This week, my first baby turned 15. This sparks in me a domino run of cliche-but-true observations – those 15 years have flown by, parenting doesn’t necessarily get easier it just changes, and teenage boys really do sleep/smell/grunt a lot. But how do I mark this occasion here on my blog? I could write a post to him, but he’d never read it. I could write a post about him, but I think he’d find that pretty cringe-worthy. So I figured I’d reflect on what being a mum to a teenager has been like so far – the good, the bad and the ugly.
Raising a teen – the good
- Seeing all our efforts pay off. Of course we’re all proud of our kids and they make us proud in different ways at different times – the first time they write their name, or the first time they swim without arm bands. But the teen years is where you see your efforts in encouraging, supporting and building your kids up really start to come to something. All kids break away from the pack in one area or another, to achieve something that not everyone else can, to show a real talent for something. For us, it’s his academic achievements and his competitive swimming success, both of which he makes look easy but which are far beyond anything I could have managed at his age.
- Sharing music and book recommendations, and (if you’re lucky and your kid has taste) actually finding common ground to bond over.
- Watching our child grow out of being, well…a child. Of course it is heart wrenching to say goodbye to those days, but leaving behind childhood also means learning more about the person he will grow up to be. And that is beyond exciting. Seeing “when I grow up” fantasies turn into real interests and subject choices, sharing (slightly) adult humour and watching him get the joke, hearing his opinions on topics bigger than Minecraft…it’s pretty mindblowing.
- The hugs. They may be rare, but they mean that little bit more because I know there’s real emotion behind them.
Raising a teen – the bad
- Seeing your child suffer and not being able to save them like you could when they were little. I’m talking about bullying. This has been a reality for my son for a large portion of high school so far, and I have felt pretty powerless to help him. He doesn’t want me to get involved, and so I’ve done only what I could do from behind the scenes. Ideally I’d like to set fire to the little shits who are doing this to him, but having been bullied myself I know that adult intervention is like a red rag to a bull. It hurts me every time the issue flares up, to see how it has impacted on his confidence and willingness to be sociable. But I have to just guide him, reassure him, and make the school aware of things they can do to help him.
- Worrying about how he’s going to cope with big issues – sex, smoking, alcohol, drugs. We’re lucky just now as our teenager isn’t in with a crowd that hangs about, parties and tries to act older than they are. But I know it’s only a matter of time before he is exposed, and although he’s fairly sensible I also know that on the surface that’s probably how I appeared at that age…and my decisions were anything but!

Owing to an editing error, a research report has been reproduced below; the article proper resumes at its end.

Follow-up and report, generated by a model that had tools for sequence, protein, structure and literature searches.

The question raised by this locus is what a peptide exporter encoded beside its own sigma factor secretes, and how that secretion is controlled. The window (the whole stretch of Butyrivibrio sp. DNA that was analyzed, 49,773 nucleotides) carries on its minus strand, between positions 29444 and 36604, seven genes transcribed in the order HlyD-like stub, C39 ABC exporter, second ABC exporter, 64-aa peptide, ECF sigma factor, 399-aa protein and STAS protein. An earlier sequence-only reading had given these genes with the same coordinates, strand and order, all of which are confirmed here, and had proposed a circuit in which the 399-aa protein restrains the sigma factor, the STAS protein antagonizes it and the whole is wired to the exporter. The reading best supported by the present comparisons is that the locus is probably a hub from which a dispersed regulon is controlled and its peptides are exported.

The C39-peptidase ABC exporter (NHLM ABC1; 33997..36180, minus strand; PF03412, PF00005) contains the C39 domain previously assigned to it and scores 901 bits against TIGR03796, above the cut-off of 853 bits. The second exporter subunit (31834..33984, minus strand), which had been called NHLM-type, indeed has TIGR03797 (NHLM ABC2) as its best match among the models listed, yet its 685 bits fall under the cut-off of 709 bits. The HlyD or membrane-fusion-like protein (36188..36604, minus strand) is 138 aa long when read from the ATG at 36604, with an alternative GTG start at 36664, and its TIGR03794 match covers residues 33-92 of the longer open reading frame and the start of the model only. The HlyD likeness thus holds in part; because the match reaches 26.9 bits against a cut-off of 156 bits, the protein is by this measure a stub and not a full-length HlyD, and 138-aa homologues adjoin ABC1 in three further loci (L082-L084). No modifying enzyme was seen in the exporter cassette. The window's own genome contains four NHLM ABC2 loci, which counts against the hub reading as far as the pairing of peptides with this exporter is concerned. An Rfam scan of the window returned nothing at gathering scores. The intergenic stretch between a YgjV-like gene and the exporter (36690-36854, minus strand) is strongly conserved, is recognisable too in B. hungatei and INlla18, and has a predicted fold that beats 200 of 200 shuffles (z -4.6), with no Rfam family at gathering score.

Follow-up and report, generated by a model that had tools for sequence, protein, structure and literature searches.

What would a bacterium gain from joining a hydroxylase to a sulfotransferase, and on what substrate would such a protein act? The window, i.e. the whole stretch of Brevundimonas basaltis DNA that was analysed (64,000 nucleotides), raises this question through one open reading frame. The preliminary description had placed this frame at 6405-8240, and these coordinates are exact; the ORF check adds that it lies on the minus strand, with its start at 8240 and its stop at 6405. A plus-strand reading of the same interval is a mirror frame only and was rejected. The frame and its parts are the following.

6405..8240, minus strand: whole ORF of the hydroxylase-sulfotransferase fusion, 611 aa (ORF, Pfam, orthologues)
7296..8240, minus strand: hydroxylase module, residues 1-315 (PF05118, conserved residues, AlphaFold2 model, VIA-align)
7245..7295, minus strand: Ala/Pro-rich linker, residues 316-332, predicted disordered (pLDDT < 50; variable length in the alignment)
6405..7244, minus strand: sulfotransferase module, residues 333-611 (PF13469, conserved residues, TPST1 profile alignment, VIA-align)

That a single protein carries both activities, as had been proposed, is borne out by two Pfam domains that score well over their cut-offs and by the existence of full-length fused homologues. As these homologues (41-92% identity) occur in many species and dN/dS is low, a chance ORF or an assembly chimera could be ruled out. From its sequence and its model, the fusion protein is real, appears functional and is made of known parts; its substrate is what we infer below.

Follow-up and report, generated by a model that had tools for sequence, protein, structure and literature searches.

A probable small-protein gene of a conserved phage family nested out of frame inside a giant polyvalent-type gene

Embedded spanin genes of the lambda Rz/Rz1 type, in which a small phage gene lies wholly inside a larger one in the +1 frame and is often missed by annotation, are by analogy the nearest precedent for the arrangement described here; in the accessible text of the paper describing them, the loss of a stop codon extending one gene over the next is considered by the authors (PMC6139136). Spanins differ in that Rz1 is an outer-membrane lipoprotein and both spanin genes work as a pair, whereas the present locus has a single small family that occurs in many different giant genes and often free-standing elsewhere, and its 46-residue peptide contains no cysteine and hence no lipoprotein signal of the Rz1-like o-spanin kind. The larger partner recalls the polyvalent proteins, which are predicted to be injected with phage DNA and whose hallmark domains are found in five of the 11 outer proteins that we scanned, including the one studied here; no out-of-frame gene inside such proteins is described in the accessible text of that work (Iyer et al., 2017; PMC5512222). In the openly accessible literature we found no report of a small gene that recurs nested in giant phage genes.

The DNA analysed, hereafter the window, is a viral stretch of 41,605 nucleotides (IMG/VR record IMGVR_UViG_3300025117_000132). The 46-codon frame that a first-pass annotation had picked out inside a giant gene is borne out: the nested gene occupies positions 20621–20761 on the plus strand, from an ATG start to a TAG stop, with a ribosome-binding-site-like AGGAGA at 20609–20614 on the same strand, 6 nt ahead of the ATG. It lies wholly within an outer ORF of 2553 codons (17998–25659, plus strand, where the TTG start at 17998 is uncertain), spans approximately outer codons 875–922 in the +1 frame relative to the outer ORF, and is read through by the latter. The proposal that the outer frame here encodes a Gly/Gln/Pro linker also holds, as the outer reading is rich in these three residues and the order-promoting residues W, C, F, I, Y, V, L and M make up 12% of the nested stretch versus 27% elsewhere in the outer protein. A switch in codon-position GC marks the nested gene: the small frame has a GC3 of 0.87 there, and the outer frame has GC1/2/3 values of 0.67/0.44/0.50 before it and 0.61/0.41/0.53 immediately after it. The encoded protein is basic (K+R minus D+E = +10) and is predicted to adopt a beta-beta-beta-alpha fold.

- Think it hurts when your toddler tells you mid-tantrum that they don’t love you? Try hearing something like that when your kid is old enough to understand the gravity of their words. I’ve been lucky so far – I don’t think I’ve hit the milestone of being told I’m a bitch, but teenagers don’t always have a filter in the heat of the moment.
Raising a teen – the ugly
- Still having to listen as he relays the fascinating intricate details of his latest Xbox game obsession.
- Hearing the sound of my own voice, saying the same things on repeat. You think it’s bad with a toddler? Try chanting the following at least three times a day for the past five years – have you brushed your teeth, can you please sort your hair out, put your dirty laundry in the basket, for god sake can you please shut the door without slamming it, have you done your chores, have you done your homework, untie your shoes before you put them on. I remain in constant hope that one day he will leave the house with all his responsibilities dealt with, looking presentable, without wrecking yet another pair of shoes and without slamming the door…all without me saying a word.
- The bathroom after the three hour shower or midnight toilet trip…
- Being demoted from fountain of knowledge to she-who-knows-nothing. I realise that sometimes, when I talk a glaze comes over not just his eyes but his whole face. Our son has perfected the brick-wall look, where I know every word we say is just bouncing off without even being heard. Apparently he knows it all already.
- Sometimes, the only sign he’s returned home is the dog sitting at the bottom of the stairs with an expectant wag of her tail. Because apparently we don’t say “hi” anymore.
It’s not easy, parenting a teenager. It’s a mindfuck, a stress and yet another one of those oh-so-wonderful learning curves of parenting. But it’s rewarding and hilarious and fascinating all at the same time. No one gets it right, we all just stumble through, but the good points usually outweigh the bad and you can usually (eventually) laugh at the ugly points. I’m excited what this second half of his teen years holds in store for my son, and for the rest of us!